Downriver

Trip Start Aug 18, 2006
1
122
149
Trip End Ongoing


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Flag of Lao Peoples Dem Rep  ,
Monday, January 7, 2008

I had bold plans to ride the 150km to Paxxan the day I left Vientiane. I was following 'highway 1', the arterial north/south highway following the Mekong from the Cambodian border to Vientiane. Following the river I could be confident there'd be no unexpected mountains, so I was planning on some long rides. The prospect of riding the Laos equivalent of the M1 didn't bother me overmuch, since this meant a shift from 'no' to 'very occasional' traffic.

My fine intentions were scuppered, by an event I'd been dreading pretty much since I rode out of my front drive. One of my spokes broke. It had to happen eventually. 19,900 km with no broken spokes is almost unheard of. I'd never replaced a spoke before, nor, more importantly, had I trued a wheel with any success. However, I'd bought the tool I needed to remove the rear cassette (a 'hypercracker') off Peter before he left Lhasa, and one of his cycling monologues had explained to me the theoretical logic of wheel truing. I'd watched Pawel replace several wheels worth of spokes while we were together, so I felt I stood at least a chance of success. As it transpired, and entirely thanks to Peter, it took only ninety minutes and one attempt to get back on the road. I was delighted with myself, despite having wasted too much time to finish my planned marathon.

I reached a guesthouse not much farther up the road, and decided to call it a day. I'd seen a sign for a detour to a waterfall 13km away, which I figured I could reach and be back before dark, so I dumped my bags and set off again. I should have rethunk when the road became dirt after two hundred yards. I definitely should have rethunk when I noticed I was heading into the hills. And when, after 13km I reached an admission officer, who told me the actual waterfall was a further 4km,  I had no choice but to rethink. However, I'm a bloody-minded fellow, and it wasn't until I'd paid my 5000kip entrance fee and ridden two kilometers, the last 500m down a precipitous, dusty and treacherous dirt track which threw me into the jungle, that I was forced to do a reality check, and admit that there was no way I could reach the waterfall and be back before dark. Not relishing the prospect of riding the dirt road at night, I had to turn around. I made it back to the hostel just before dark, after a 30km dirt road round-trip to nowhere. At least my replacement spoke withstood the punishment.

To make up for my faltering yesterday, I was determined to make a solid showing. In particular, I wanted, for no good reason, to ride 200km in a day. This would make for a day of landmarks, since 200km would be my longest single day's ride, push my whole journey past 20,000km, and past the 20,037.516829km 'half the circumference of the world' milestone (nerds should note that some or all of the decimal places are guesses). There was only one small problem. After 200km, the sun was 10minutes from setting, and I was 3 hours from a town. 

I pulled over by a streetside eatery, and attracted the attention of some diners. With strategic use of the international sign for 'sleep' I communicated my problem. And with pointing, and saying 'see' (four) they communicated my solution. Sure enough, four kilometers further on brought me to another village, but there was no sign of a hotel. I asked around, but replies were either shrugs or a combination of signs and foreign verbiage far too complex to decipher. It was now fully dark, with no moonlight. (And, of course, no streetlights). I saw a well-lit streetside cafe at the far end of the village, so, drawn like a moth, I headed for it. After shrugging and looking confused for a couple of minutes, the cafe crowd came to realise that I wasn't going to simply disappear, and I'd successfully made my problem their problem. One of the crowd fired up his moped and said "come". He led me back to almost the first building in the village, which had a painted sign promising a 'cafe' within. He preceded me into the cafe and negotiated with the owner for a minute.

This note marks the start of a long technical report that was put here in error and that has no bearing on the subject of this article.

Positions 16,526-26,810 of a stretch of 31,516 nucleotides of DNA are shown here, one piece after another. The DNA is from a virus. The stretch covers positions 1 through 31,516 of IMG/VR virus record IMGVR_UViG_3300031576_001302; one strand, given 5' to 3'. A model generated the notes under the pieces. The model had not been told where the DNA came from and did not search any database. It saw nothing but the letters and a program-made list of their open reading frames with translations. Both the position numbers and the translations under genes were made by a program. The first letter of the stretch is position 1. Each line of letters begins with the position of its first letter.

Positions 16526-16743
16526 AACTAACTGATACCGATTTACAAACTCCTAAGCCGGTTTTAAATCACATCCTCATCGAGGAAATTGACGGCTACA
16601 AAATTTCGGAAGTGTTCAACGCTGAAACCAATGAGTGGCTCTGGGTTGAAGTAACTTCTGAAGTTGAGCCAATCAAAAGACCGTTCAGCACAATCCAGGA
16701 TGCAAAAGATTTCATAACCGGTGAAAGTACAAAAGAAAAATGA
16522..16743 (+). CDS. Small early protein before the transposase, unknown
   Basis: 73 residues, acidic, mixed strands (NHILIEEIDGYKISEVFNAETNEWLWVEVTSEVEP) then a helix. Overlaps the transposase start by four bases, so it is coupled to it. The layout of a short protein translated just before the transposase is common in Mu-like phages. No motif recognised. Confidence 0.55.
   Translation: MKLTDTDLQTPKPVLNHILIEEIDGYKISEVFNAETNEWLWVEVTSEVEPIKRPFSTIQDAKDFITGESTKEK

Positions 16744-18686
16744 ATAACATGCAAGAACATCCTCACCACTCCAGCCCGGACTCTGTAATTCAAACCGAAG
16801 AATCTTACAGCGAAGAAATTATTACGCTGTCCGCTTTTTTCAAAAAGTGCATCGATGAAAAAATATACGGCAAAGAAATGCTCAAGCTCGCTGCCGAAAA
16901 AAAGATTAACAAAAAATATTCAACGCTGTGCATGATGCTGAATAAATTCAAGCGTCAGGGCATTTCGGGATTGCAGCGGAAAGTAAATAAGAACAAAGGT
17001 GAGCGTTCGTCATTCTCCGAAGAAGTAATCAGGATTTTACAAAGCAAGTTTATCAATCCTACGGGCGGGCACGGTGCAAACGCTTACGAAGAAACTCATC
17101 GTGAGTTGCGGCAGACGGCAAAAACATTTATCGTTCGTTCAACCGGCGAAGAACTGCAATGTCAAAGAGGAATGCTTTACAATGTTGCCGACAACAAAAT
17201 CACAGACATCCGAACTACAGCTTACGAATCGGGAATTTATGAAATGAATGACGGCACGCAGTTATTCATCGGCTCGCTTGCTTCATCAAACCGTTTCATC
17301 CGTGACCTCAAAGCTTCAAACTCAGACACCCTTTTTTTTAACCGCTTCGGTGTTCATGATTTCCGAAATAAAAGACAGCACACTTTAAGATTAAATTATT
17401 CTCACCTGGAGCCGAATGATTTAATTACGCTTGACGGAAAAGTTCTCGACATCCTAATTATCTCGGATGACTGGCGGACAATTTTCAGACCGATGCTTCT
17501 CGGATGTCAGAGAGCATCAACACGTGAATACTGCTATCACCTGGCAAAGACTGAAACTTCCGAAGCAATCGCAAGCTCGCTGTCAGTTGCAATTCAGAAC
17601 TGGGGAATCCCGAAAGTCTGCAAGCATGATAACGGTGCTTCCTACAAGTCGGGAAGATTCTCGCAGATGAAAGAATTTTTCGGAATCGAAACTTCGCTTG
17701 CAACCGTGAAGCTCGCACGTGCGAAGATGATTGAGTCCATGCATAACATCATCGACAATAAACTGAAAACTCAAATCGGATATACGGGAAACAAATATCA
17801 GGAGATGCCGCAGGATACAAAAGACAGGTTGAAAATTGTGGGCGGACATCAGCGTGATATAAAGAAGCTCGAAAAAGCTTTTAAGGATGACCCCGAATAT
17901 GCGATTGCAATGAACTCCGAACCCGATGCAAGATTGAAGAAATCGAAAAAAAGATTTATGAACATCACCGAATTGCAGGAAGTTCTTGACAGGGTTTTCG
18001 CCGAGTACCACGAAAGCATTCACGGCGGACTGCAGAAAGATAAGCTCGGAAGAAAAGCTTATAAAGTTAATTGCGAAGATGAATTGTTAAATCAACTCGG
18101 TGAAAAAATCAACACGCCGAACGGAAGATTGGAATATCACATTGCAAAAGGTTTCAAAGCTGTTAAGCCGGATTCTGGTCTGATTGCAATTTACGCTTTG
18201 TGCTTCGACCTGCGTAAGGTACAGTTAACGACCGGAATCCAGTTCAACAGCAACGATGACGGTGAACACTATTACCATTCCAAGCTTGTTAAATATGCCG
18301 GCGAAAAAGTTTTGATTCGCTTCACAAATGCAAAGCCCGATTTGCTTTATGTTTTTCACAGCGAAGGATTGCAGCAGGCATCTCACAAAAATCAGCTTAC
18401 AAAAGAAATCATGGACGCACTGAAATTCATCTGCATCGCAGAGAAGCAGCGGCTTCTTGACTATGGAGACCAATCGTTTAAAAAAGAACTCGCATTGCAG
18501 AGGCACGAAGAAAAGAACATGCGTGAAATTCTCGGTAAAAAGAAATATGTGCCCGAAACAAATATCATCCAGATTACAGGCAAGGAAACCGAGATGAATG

-they have room. 30,000kip.
Three dollars. Bargain.

The room was a concrete-floored and plasterboard-walled cell. Unlit, unswept and unclean. But it was a room, and there was a mosquito net over the bed, so I was delighted. There was a bucket shower in the adjacent cell. To show my gratitude to the guide, I walked back to the cafe at the far end of town for dinner.

Despite an early start, plans for a second double-century were undermined early-on when, within 2 hours, I met two couples cycling the the other way. I chatted with the first couple for an hour or so. They transpired, with almost predictable improbability, to be the Canadian friends of Kristen and Detlev, who were following us through Tibet. They'd not only got to Bangkok before me, but had just left Kristen and Detlev after spending New Year with them. The second couple's English was worse than my German, so we had only a brief conversation, but it was a surprising one.
-You are riding from England to Australia!
-Yeah
-We just met another man, from New Zealand. He also came from England, going to NZ! He is about 30minutes ahead!

Had he been 30 minutes ahead for 16months?
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